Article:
FCC Extends Outage Reporting to Broadband, Voice Over Internet - GovernmentVideo.com

FCC Extends Outage Reporting to Broadband, Voice Over Internet

The agency issued a “report and order” earlier this month in an effort to take broader action
Author:
Publish date:

Because voice over Internet protocol (VoIP) service outages have included 9-1-1 emergency service, the Federal Communications Commission (FCC) extends its outage reporting requirements to both interconnected VoIP services and broadband Internet services.

On Feb. 21, 2012, the FCC issued a “report and order”—The Proposed Extension of the Commission’s Rules Regarding Outage Reporting To Interconnected Voice Over Internet Protocol Service Providers and Broadband Internet Service Providers (PS Docket No. 11-82)—in which the commission says it is taking “much broader action” on the issue.

The FCC says it has “proposed to require reporting of both outages based on the complete loss of service and those where, while service is technically available, technical conditions (such as packet loss, latency and/or jitter) effectively prevent communication.”

However, the commission says it is “prepared at this time to adopt reporting requirements only with respect to the complete loss of interconnected VoIP service,” and it “defers action on possible performance degradation thresholds for measuring an outage of interconnected VoIP service and on all outages of broadband Internet service.”

Collecting data on the complete loss of interconnected VoIP service will help the FCC ensure “the nation’s 9-1-1 systems are as reliable and resilient as possible and also allow us to monitor compliance with the statutory 9-1-1 obligations of interconnected VoIP service providers,” the commission said.

The FCC says it has “cause to be concerned about the ability of interconnected VoIP subscribers to reach emergency services when they need them” because of several recent, significant VoIP outages listed in the report and order. When those outages occurred and what happened are:

On May 25, 2010, a service outage involving the AT&T U-Verse platform involved a server failure that impacted U-Verse interconnected VoIP service in AT&T’s entire 22-state local phone service area serving approximately 1.15 million customers.The outage lasted for several hours, and it remains unclear how many subscribers were unable to reach 9-1-1 and for how long.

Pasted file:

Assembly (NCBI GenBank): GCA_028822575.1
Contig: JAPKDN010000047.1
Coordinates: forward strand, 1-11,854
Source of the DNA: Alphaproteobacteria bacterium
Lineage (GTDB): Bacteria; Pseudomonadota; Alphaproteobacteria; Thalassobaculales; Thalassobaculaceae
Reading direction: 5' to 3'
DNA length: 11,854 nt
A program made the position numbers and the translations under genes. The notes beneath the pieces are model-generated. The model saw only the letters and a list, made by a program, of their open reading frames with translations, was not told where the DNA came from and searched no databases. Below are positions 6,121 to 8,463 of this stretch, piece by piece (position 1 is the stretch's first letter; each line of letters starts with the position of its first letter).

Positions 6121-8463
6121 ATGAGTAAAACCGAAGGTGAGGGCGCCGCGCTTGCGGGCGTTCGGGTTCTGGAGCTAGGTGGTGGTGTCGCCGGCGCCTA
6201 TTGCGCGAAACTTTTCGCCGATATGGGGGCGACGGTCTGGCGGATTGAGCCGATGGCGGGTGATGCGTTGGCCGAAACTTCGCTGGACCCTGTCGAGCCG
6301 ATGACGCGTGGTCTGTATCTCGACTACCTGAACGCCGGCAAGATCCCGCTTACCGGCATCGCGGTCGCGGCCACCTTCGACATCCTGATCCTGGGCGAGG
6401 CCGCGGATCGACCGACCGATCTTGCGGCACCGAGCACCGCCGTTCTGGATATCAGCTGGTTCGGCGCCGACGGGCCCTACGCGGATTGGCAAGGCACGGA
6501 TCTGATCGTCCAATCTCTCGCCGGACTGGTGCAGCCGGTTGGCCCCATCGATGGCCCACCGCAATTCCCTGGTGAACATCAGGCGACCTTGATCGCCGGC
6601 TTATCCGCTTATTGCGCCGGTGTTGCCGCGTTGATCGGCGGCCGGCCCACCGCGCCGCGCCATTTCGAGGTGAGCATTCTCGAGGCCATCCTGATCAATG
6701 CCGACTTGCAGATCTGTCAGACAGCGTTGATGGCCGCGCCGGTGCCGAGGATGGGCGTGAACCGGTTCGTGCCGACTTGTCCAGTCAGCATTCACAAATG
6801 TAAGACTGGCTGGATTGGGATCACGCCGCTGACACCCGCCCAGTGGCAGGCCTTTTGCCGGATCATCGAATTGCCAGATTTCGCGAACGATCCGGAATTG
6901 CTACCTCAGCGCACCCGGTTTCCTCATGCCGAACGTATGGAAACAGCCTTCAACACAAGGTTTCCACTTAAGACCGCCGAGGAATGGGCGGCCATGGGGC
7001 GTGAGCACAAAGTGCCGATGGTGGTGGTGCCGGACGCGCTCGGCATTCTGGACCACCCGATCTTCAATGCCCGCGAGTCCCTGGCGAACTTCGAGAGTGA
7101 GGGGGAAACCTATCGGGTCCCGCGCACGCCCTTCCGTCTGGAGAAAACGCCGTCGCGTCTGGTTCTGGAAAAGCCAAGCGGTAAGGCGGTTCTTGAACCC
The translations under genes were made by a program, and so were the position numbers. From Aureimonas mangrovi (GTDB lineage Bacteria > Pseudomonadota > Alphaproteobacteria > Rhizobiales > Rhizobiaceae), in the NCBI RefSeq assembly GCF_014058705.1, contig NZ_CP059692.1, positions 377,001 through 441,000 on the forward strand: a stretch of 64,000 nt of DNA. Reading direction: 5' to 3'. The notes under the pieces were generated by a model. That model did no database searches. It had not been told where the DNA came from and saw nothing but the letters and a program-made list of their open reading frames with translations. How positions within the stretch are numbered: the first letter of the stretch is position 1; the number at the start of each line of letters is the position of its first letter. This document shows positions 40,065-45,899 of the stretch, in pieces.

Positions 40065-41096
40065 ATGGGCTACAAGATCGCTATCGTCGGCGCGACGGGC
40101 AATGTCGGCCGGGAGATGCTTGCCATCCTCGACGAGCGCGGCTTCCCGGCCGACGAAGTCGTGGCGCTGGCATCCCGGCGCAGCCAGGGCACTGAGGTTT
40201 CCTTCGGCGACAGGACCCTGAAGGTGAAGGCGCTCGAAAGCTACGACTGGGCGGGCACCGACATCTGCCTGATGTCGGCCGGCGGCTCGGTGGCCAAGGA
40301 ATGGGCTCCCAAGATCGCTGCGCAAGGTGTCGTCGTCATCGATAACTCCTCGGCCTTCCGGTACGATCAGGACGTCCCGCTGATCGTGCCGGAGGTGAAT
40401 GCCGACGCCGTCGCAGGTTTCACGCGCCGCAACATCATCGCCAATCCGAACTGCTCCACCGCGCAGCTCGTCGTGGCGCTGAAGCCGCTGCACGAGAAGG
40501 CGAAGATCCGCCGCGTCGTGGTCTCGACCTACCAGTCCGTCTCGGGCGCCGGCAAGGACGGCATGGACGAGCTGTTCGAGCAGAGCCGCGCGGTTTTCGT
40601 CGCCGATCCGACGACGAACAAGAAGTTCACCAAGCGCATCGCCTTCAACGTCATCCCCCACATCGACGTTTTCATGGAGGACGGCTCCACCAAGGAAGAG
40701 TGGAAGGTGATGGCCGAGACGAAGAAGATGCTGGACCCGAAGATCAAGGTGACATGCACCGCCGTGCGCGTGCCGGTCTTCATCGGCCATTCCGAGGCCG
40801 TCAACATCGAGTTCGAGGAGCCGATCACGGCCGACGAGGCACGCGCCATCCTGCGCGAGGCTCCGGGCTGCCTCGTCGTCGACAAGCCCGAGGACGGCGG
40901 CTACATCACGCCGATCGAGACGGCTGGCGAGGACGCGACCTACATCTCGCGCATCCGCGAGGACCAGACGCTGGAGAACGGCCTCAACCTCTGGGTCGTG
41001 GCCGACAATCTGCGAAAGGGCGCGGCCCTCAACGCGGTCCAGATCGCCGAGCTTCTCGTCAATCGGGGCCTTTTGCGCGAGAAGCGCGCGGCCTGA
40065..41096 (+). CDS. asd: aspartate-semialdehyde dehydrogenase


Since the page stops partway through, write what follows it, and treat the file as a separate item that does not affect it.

On March 22, 2011, a Comcast outage in 19 New Hampshire communities beginning around 3:30 p.m. left many Comcast customers in those communities unable to make any calls, including 9-1-1 calls.The problem lasted through the evening.

In June 2010, CenturyLink Internet experienced failures that affected approximately 30,000 customers on the Kitsap Peninsula (near Seattle), and in a separate outage affected approximately 100,000 customers across parts of Texas. The Kitsap Peninsula outage lasted an hour according to company sources, but some customers said it lasted four times as long. The Texas outage lasted over eight hours.During the outages, consumers, businesses and government were unable to place 9-1-1 or other calls over VoIP.

In March 2010, Comcast Internet and Digital Voice service was disrupted to customers in Nashville, Tenn., and Atlanta. Comcast customers experienced severely degraded service for at least two hours. During the outage, local, state and federal government department and agency customers of Comcast in the affected areas were unable to make or receive telephone calls. Residential and business subscribers to Comcast Internet and Digital Voice services also were affected by the outage significantly impairing their ability to engage in 9-1-1 and other communications.

Related

Key House Committee Members Act to Spur FCC on Programs promo image

PEG Gets Short Shrift in FCC Report

Out of 105 organizations that responded to the FCC’s call for comments for inclusion in the 15th report to Congress on the “Status of Competition in the Market for the Delivery of Video Programming” issued July 20, 2012, at least 83 were public, education and government channels, or PEG-related groups.